We’re in the midst of a health crisis. 

No, not COVID-19, but obesity and Type 2 diabetes. They take more lives and cost the medical system more and more money each year.

And even if your A1C levels are fine and you’re not overweight, the great majority of people over the age of 40 have some kind of chronic pain—knee pain, shoulder pain, back pain, you name it. Hip replacements, knee replacements are becoming all the more commonplace today.

The point: Preventative medicine (i.e. fitness and nutrition), not diabetes and high blood pressure medicine or surgeries, is the better solution to the problem, one that can not only keep people healthier but can save our medical system financially.  

This is where the coach comes in: A fitness coach, one that is able to stay in the industry as a long-term career because they’re able to make a professional wage, can (and do) help people put their chronic ailments, from lifestyle diseases to orthopedic injuries, into remission, and ultimately help prevent health problems from arising in the first place. 

It’s not that doctors aren’t capable of doing this; it’s that they don’t have the time or resources to spend the required time with their patients to help them make lifestyle changes and get fit, as they’re already overrun diagnosing and treating acute illnesses. 

Coaches, on the other hand, have the ability and the time to spend with their clients because this is the main focus of their job: to help people get fit and make lifestyle changes to positively impact their health.

The bottom line: Coaches can help teach people how to move properly how to eat properly, as opposed to just covering up their pain with a pill, an injection, or surgery, and ultimately reverse and prevent damage we have done to ourselves. 

The problem is: People trust and turn to doctors, not coaches, for diagnosis and advice and help. Coaches, who obviously have much less formal training and respect from the general population, aren’t really taken as seriously as someone to turn to to improve your health.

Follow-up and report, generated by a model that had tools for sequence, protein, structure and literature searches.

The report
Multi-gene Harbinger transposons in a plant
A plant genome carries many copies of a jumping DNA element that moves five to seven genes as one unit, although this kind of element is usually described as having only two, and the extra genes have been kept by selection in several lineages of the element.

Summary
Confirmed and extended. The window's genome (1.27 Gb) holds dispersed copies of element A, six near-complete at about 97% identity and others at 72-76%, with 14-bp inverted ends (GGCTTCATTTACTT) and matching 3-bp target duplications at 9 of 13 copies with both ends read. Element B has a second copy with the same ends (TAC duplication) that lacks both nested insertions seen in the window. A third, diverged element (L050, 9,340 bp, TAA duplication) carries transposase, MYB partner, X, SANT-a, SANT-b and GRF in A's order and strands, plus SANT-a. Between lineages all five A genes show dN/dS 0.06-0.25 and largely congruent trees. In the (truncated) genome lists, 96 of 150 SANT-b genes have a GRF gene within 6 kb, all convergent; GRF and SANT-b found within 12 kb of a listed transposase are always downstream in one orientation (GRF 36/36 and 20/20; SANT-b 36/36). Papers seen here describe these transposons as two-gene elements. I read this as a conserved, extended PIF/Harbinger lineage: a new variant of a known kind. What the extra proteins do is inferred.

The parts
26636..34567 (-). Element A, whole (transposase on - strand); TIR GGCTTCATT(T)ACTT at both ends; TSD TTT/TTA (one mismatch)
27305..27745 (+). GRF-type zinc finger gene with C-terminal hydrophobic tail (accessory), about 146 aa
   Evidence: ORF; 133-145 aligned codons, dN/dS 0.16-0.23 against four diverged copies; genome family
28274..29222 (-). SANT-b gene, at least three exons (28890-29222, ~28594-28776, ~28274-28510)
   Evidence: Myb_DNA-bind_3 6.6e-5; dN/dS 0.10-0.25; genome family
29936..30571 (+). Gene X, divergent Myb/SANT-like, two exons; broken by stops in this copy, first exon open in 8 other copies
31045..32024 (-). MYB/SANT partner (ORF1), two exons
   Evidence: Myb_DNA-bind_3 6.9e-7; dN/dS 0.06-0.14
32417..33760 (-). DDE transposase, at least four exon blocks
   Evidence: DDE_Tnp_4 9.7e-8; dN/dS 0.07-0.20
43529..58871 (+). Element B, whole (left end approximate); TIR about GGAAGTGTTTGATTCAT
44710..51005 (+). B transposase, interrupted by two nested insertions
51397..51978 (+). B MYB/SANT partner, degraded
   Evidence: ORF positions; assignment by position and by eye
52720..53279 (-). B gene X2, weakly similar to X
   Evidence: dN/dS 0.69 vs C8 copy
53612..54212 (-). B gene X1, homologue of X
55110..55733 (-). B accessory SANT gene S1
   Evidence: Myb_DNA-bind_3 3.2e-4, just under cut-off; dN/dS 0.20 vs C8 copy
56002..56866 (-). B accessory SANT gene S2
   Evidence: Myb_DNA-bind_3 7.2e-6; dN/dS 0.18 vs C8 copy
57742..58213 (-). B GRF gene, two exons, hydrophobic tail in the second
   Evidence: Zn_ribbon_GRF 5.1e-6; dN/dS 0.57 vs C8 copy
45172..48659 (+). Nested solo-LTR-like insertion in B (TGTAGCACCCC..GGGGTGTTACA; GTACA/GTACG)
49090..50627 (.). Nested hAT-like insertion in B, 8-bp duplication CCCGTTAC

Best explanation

This is one of Madlab’s missions: To create a class of professional coaches who pursue lifelong careers in the industry. Who, over time, can earn the respect of their clients and can slowly change public perception about the potential role of the coach. 

Coaches, of course, shouldn’t work in a vacuum. They need to work alongside doctors—endocrinologists, neurosurgeons, orthopedic surgeons, physical therapists, registered dieticians—to bridge the gap between medicine and rehabilitation and provide people with a personal coach in their corner to improve their health and save our healthcare system in the process.

But none of this is possible without the ability for coaches to earn a professional wage in order to pursue a full-time career.

Again, this is where we come in: We develop full-time, self-sufficient, entrepreneurial career coaches who are experts in their field and earn a professional wage coaching a sustainable number of on-floor hours each week.

It’s the way forward for the sake of our population’s health. And for the sake of our medical system.

To learn how we help business owners and coaches, do this book a call now.

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